Few areas of employer investigation cause as much concern to both employees and civil liberty groups as the increasing tendency on the part of employers to insist upon often invasive drug testing of employees and applicants for employment.

The employers rightfully argue that the safety of the public and coworkers may depend on the alertness of fellow employees. The employers rightfully point out that employers will be liable if an employee under the influence of narcotics or alcohol injures a third party. The employers rightfully point out that violators of the law, which many addicts may be, can be barred from employment by any rational employer.

But the idea of the invasion of one’s person and privacy by an employer is deeply upsetting to many Americans and the tendency has been in some states to limit the type and extent of drug testing in the workplace. As will be seen, some states such as California have recently found the courts even more restrictive than the legislature in viewing appropriate drug testing in the work place.

This article shall briefly review Federal and California law to give a general overview of the situation as of 2010.


Historically, the drug-testing movement began in 1986, when former President Ronald Reagan signed Executive Order 12564, which imposed upon federal employees the requirement to refrain from using illegal drugs, on or off-duty, as a condition of federal employment. Two years later, Congress passed the Drug-Free Workplace Act of 1988. That led to the creation of Mandatory Guidelines for Federal Workplace Drug Testing Programs (Section 503 of Public Law 100-71). The mandatory guidelines apply to executive agencies of the federal government, the uniformed services (excepting certain members of the armed forces), and contractors or service providers under contract with the federal government (excepting the postal service and employing units in the judicial and legislative branches).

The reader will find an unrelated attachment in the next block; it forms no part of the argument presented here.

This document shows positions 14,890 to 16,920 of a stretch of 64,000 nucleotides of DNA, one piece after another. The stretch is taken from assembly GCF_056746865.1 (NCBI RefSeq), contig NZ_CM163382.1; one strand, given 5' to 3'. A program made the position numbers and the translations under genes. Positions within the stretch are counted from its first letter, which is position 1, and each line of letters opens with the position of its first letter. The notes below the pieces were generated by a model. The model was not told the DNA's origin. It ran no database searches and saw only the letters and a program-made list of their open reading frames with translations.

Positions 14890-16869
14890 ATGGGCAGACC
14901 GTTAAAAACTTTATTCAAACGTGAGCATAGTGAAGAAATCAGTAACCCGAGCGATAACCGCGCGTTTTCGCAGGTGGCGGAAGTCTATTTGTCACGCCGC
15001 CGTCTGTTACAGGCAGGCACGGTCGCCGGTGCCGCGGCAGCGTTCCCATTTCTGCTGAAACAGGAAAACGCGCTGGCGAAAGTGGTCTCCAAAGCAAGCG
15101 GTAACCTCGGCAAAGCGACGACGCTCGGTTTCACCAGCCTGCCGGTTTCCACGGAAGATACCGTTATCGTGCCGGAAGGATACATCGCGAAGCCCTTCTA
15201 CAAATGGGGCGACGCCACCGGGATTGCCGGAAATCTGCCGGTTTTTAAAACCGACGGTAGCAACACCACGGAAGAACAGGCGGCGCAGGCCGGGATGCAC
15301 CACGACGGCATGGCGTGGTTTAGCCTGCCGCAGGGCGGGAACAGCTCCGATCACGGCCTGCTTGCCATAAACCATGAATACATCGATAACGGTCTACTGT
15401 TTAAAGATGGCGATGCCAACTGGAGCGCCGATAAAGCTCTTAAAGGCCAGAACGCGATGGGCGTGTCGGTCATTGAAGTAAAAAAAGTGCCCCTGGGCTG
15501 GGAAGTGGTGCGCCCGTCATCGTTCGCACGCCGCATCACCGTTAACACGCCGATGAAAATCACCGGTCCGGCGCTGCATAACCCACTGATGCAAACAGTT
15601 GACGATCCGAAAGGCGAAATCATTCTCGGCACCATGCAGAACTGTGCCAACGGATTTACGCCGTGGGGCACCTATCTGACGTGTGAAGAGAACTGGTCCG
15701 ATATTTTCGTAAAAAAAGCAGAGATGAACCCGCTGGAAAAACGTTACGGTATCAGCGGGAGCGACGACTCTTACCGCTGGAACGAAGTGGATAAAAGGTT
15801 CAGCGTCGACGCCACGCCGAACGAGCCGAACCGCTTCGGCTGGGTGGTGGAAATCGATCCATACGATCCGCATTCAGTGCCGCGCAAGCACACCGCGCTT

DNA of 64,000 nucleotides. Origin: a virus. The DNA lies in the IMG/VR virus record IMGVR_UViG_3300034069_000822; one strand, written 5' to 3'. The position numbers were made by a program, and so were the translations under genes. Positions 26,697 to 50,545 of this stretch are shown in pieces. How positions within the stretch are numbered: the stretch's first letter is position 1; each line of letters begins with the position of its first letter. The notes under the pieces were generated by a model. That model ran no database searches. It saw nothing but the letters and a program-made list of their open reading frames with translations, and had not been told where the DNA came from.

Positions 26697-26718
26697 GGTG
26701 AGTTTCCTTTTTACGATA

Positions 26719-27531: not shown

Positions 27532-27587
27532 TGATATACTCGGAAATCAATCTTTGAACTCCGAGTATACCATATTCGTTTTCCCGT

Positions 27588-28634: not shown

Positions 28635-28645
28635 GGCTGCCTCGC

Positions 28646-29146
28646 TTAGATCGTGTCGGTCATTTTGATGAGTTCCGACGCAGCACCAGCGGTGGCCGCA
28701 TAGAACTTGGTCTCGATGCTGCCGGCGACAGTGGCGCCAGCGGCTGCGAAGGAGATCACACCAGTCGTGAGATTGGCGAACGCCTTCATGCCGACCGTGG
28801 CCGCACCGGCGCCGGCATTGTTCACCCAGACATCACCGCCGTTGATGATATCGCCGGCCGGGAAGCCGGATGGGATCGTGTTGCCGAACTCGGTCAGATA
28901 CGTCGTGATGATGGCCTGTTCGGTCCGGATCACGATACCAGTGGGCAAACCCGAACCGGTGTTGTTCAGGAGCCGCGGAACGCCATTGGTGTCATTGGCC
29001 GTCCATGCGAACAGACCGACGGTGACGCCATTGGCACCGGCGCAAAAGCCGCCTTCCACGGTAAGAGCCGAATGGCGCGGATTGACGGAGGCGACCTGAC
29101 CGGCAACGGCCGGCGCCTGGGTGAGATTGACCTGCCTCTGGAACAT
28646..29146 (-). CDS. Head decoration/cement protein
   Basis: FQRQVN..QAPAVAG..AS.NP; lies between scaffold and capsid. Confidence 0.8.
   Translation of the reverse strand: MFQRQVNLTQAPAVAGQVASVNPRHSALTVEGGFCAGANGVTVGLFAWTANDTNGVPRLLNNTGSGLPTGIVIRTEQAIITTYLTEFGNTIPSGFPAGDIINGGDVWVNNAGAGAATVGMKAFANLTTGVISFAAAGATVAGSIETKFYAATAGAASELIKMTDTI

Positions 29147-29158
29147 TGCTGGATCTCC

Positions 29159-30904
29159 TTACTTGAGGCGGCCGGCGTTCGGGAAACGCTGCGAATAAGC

Although the Act only applies to federal employees, many state and local governments followed suit and adopted similar programs under state laws and drug-free workplace programs.

The United States Constitution does not prohibit drug testing of employees. But three constitutional issues have arisen as to drug testing.

First, in the U.S. Supreme Court case of Treasury Employees v. Von Raab, 489 U.S. 656 (1989), the court ruled that requiring employees to produce urine samples constituted a “search” within the meaning of the Fourth Amendment to the U.S. Constitution which prohibits the government from conducting unreasonable searches and seizures of citizens and their property. Therefore, for any governmental employer entity, all such testing must meet the “reasonableness” requirement of the Fourth Amendment. The Court also ruled that positive test results could not be used in any subsequent criminal prosecutions without the employee’s consent.

The second major constitutional issue in employee drug testing involves the Fifth Amendment prohibition against the government forcing a citizen to incriminate him or herself. This law, unlike the Fourth Amendment, was made applicable to the states by the Fourteenth Amendment, which prohibits denial of life, liberty, or property without “due process of law.” Since the majority of private-sector employees in the United States (excepting mostly union employees) are considered “at-will employees,” an employer need not articulate a reason for termination of employment. However, under certain circumstances, the denial of employment or the denial of continued employment based on drug test results may invoke “due process” considerations, such as the validity of the test results, the employee’s right to respond, or any required notice to an employee.

Thirdly, under the same constitutional provisions, persons have a fundamental right to privacy of their person and property. Drug testing, although in itself deemed legal, may be subject to constitutional challenge if testing results are indiscriminately divulged, if procedures for obtaining personal specimens do not respect the privacy rights of the person, or if testing is unnecessarily or excessively imposed.
Typical state and federal drug-free work place programs include the following:

  • Both employees and applicants may be tested.
  • Tests may be conducted pre-employment, “upon reasonable suspicion” or “for cause,” at random, routinely, and/or post treatment or rehabilitation. Random testing involves unannounced, “suspicionless,” and/or non-routine testing that may be indiscriminately applied to some, but not all, employees.
  • Basic tests screen for amphetamines (speed, meth, ecstasy, crank, etc.), cannabinoids (marijuana, hashish), cocaine (coke or crack), opiates (heroin, morphine, opium, codeine), or phencyclidine (PCP).